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$|z^{2}-1|=\lambda$

My aprouch: taking $z=x+iy$ $$z^{2}=(x^{2}-y^{2})+i(2xy)$$ Then : $$|z^{2}-1|^{2}=x^{4}-2x^{2}y^{2}+2y^{2}-2x^{2}+y^{4}+1+4x^{2}y^{2}=\lambda^{2}$$ Now taking $x^{2}=\alpha,y^{2}=\beta$: $$\alpha^{2}+2\alpha\beta+\beta^{2}-2\alpha+2\beta+(1-\lambda^{2})=0$$ This is equation of a parabola since the discriminant is equal to $0$ Would this be correct? And is there, maybe more "geometrical" way to see this?

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You made the same mistake here as the one I pointed out in your previous question: $|z^2-1|^2=\lambda^2$ (not $|z^2-1|$). –  joriki Sep 28 '12 at 9:56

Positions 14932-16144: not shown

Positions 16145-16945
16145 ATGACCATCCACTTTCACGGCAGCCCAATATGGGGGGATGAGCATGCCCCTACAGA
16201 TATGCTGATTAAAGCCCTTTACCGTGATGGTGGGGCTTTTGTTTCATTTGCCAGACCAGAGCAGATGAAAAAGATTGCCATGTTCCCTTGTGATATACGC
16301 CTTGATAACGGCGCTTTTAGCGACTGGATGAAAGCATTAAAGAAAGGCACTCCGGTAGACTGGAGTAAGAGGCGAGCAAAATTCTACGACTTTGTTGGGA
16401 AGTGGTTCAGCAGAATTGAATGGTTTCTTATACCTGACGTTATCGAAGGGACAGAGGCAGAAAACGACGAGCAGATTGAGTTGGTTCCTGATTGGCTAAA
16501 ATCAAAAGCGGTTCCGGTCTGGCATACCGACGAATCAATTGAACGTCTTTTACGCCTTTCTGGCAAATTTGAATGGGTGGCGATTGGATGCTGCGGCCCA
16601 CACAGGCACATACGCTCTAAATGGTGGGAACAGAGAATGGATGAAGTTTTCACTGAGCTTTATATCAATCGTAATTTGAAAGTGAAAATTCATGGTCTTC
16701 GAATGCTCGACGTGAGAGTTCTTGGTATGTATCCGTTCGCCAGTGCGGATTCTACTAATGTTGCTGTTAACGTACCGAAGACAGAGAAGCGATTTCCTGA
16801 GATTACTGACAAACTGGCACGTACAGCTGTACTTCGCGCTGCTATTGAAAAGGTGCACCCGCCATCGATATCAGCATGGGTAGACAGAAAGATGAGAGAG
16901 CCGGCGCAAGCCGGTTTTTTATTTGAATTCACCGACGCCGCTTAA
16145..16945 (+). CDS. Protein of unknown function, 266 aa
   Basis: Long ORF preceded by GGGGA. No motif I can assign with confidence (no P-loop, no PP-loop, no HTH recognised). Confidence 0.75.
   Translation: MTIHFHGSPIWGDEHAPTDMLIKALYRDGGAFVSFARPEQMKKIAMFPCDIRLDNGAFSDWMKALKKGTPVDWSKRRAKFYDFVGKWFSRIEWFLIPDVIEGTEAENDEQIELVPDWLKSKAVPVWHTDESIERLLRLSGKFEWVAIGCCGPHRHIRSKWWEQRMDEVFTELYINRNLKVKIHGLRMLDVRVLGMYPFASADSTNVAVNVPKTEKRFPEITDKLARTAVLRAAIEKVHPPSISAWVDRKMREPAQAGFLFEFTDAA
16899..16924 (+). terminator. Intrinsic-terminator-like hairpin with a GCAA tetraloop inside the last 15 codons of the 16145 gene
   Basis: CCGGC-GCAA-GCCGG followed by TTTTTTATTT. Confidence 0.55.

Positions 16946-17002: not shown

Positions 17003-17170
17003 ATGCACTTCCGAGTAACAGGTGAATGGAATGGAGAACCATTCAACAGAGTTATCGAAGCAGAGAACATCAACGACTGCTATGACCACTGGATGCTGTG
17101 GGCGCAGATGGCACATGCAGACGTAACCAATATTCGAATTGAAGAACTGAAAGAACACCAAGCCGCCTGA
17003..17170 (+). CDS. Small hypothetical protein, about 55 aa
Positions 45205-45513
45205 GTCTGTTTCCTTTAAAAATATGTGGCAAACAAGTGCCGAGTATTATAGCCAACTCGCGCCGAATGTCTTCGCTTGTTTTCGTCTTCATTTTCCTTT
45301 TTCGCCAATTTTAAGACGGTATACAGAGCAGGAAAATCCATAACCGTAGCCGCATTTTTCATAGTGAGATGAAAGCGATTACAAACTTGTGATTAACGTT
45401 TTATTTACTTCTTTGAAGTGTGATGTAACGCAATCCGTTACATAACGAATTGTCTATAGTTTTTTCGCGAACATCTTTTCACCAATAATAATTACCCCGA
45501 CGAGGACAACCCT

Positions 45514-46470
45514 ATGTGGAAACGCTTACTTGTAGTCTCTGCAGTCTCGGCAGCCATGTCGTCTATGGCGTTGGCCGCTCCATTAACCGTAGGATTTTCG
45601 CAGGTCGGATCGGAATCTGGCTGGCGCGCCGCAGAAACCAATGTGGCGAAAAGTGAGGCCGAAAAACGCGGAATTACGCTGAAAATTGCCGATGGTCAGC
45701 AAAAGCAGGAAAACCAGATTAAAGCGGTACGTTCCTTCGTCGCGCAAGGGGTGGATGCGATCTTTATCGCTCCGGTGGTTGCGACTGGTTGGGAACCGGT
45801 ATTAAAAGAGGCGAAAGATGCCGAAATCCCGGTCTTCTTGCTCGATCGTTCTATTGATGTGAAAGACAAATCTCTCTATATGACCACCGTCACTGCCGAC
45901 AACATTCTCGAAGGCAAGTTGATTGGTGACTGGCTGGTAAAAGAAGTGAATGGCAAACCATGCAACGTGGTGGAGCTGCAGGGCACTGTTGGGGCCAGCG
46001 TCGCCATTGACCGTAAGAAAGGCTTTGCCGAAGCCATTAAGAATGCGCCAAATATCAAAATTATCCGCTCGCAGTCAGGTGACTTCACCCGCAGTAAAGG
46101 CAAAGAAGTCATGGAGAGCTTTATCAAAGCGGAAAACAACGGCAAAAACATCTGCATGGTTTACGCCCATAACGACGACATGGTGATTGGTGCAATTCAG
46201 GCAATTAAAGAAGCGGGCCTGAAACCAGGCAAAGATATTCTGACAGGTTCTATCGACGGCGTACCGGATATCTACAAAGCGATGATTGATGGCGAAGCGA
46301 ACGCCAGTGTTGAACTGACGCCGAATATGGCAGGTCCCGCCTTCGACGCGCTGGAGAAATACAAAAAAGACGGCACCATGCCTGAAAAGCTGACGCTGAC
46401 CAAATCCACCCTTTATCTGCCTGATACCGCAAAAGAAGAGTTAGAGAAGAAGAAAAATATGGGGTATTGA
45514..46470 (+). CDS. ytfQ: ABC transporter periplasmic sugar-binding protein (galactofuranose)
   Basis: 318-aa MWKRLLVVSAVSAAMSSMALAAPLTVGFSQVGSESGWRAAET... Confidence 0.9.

Ups. You right. Thankyou @joriki. But is the rest correct? –  Mykolas Sep 28 '12 at 9:58
    
The last equation looks OK, but in the middle one it should be $-2x^2y^2$. –  joriki Sep 28 '12 at 10:02
    
OK. That's just typeing mistake. Is there anyway to see this geometricly directly without getting all this equations? –  Mykolas Sep 28 '12 at 10:04
    
I don't know of one. –  joriki Sep 28 '12 at 10:09

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